Choosing a bike

For beginners

There are many different types of bikes to choose from and the one you want should be based on the type of riding you intend to do.

If you're new to cycling and would like some general informatation on Getting Started, download our 'Get Cycling Guide' which helps you understand the different types of bikes if you're just starting out or thinking of investing in a new bike.

'Get Started' (pdf)

 

For more advanced riders

You probably have a better idea of the style you want and maybe even the manufacturers you like. If so, then it becomes a question of how much you want to spend and whether you want to sacrifice on the quality of components.

It's fair to say that the more you spend, the better components you'll buy and the less maintenance your bike will need. However, it's always a good idea to shop around as prices and quality do vary.

It may be that you need two or more bikes - a cheaper bike for commuting and general city riding and another for sport or competition.

If you do need more than one bike, storage often then becomes an issue. Find out more about storage options with this PDF guide.
 

Buying a new bike

Buying from a cycle shop gives you the confidence that the bike is set up correctly before you use it. Many shops sell both new and second hand bikes. There are almost 50 cycle shops in the area so you really are spoilt for choice. Remember to pick up some useful accessories, such as a lock and a pump. Read more about the things you might need at our clothing and accessories page.
 

Rose Richards with a new bikeBuying a second hand bike from a shop

If you are unsure about buying get a second-hand bike, gets someone who knows about bikes to go with you. It's also a wise idea to get it serviced before you use it.  

Second hand bikes are sold by the following local cycle shops:

Several places also refurbish abandoned bicycles and sell them on at a low cost, including Bristol's Bike Back project. More information can be found at the Recycled Bikes page.
 

Asking for advice

Your local bike shop can provide excellent advice, even if you don't plan to buy from them.

Explain what you're looking for, or what type of riding you plan to do, and they will be able to give you some great independent advice based on your budget and style of riding.

Independent bike shops will have impartial knowledge about a whole range of bikes, whereas chain stores tend to specialise in a type of bike or particular manufacturers.

Alternatively, if you know what style of bike you're looking for, you could try reading the reviews in cycling magazines and websites for an independent opinion.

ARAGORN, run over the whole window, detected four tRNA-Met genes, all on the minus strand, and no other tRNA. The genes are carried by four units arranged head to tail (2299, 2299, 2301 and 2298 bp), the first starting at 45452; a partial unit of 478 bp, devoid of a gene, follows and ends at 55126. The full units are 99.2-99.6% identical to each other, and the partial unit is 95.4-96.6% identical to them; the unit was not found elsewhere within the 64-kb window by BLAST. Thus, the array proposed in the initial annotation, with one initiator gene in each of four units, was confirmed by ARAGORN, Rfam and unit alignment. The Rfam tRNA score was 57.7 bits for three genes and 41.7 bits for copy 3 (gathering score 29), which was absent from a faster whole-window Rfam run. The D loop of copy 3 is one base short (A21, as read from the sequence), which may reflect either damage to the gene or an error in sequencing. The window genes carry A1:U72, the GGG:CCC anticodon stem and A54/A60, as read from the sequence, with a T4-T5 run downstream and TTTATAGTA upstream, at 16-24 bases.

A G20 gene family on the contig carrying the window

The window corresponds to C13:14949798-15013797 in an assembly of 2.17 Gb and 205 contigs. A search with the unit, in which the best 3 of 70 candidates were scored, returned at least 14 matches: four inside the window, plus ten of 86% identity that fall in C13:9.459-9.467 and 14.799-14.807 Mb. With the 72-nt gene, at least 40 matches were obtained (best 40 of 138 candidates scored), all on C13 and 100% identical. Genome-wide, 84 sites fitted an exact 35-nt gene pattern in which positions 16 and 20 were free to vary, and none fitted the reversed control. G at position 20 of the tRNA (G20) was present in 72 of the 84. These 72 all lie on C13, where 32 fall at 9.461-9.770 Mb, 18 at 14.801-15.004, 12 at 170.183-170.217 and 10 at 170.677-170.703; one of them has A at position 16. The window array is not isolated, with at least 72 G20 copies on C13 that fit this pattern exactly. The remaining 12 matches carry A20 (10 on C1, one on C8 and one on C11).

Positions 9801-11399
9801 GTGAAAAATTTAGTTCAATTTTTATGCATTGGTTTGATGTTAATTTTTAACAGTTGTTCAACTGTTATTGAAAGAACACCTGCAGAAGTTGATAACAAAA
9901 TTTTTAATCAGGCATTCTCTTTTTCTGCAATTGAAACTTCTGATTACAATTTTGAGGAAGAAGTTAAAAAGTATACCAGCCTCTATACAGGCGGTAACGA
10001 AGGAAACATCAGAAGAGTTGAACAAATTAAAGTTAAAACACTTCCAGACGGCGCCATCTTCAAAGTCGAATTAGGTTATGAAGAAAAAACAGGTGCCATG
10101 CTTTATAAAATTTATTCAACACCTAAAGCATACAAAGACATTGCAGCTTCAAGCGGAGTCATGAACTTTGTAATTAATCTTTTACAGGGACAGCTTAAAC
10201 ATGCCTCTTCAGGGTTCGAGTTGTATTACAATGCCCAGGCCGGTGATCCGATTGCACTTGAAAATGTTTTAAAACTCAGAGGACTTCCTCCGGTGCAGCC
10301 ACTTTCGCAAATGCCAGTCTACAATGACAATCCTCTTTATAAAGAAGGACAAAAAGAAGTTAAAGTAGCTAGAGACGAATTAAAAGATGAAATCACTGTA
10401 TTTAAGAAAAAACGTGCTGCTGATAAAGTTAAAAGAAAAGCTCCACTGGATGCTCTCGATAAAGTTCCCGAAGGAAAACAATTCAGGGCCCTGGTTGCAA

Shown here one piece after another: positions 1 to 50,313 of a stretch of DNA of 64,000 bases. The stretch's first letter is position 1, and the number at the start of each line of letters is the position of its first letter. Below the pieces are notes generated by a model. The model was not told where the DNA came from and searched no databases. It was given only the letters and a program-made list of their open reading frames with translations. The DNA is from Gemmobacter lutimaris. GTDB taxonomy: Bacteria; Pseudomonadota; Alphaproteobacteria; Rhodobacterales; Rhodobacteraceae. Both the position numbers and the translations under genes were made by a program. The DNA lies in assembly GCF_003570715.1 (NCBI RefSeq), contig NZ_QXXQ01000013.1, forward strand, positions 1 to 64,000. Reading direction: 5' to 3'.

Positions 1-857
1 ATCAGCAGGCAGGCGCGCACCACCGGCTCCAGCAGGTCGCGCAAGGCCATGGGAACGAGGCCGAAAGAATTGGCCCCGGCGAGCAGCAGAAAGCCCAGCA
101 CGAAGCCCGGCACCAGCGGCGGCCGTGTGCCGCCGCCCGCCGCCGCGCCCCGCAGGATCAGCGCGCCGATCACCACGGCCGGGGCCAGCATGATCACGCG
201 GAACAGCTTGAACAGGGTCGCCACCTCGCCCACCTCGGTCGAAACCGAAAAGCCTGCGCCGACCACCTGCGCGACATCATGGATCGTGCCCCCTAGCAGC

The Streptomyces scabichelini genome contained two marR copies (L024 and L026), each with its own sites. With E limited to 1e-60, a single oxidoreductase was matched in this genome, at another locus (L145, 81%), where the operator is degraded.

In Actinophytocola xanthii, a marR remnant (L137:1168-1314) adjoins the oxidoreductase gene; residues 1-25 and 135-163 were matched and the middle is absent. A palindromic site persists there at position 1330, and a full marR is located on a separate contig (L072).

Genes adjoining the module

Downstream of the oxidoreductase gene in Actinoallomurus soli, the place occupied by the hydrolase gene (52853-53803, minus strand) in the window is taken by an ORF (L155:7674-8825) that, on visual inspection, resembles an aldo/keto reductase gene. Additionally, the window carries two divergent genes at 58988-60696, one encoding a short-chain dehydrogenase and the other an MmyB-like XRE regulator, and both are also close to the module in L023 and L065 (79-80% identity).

Also, many cycling websites often have forums where cyclists sell second hand bikes. Try visiting the following websites for more information: 

Buying from a private seller

Many private sales are listed on auction sites or cycling forums such as Gumtree, Freecycle, Ebay and Trade-it. Also Bumblebee runs auctions from bikes retrieved by the Avon & Somerset Police Force.

If you do go down this route, it's always a good idea to see the bike before you buy it - or at least make sure the seller is prepared to offer you a full refund if it isn't as described.

Try to take the bike on a test ride before you buy as you're more likely to spot small issues such as worn gears or unusual squeaks and rattles.
 

Advice for buying second hand bikes

When buying from a private listing there's always a small chance that you'll be buying a stolen bike. Many people who've had their bikes stolen find them listed on the internet. The more thieves get for stolen bikes the more effort they're going to make to steal more.

Bristol Bike Workshop provided the following advice:

  • Ask if "the bike" is still for sale. If they say "which one?" leave it at that.
  • If they don't know much about it, it's probably not theirs.
  • Ask how much it was new. Some quick internet research should provide you with the right answer. If they don't know, ask why.
  • Only buy from the home address. Don't arrange to meet somewhere.
  • Always ask for its history. The less is known, the more likely it's stolen.
  • If they or their surroundings look suspicious, proceed with caution.
  • If the price is 'too good to be true', it's probably stolen.
  • Ideally the seller should have some of the original paperwork (eg the receipt or the guarantee details)

 

Clothing & Accessories

Mention cycle clothing to most people and lycra springs to mind.

Yet look at the people you see cycling in your town or city. Most will be wearing everyday clothing, especially if they are making a short, local cycling trip.

If you do plan to invest in dedicated cycling gear, the choice and the style is almost endless.

The fashion varies for each type of cyclist - commuters, racers, tourers, 'fixies', mountain bikers - and prices vary widely too.

Accessories are generally more important, especially if you plan to commute in the winter.

Lights and reflective clothing help to keep you visible and a lock will prevent your bike being stolen. If you plan to ride for pleasure you might consider investing in a pump and puncture repair kit and a waterbottle.

This guide to Cycling clothes and accessories will give you some important information about what to wear and what you'll need to get the most from your bike.

If you're interested in dressing to impress, these links may be of interest to you:

Local suggestions:

National and international suggestions:

Specifically for women:

 

Downloads: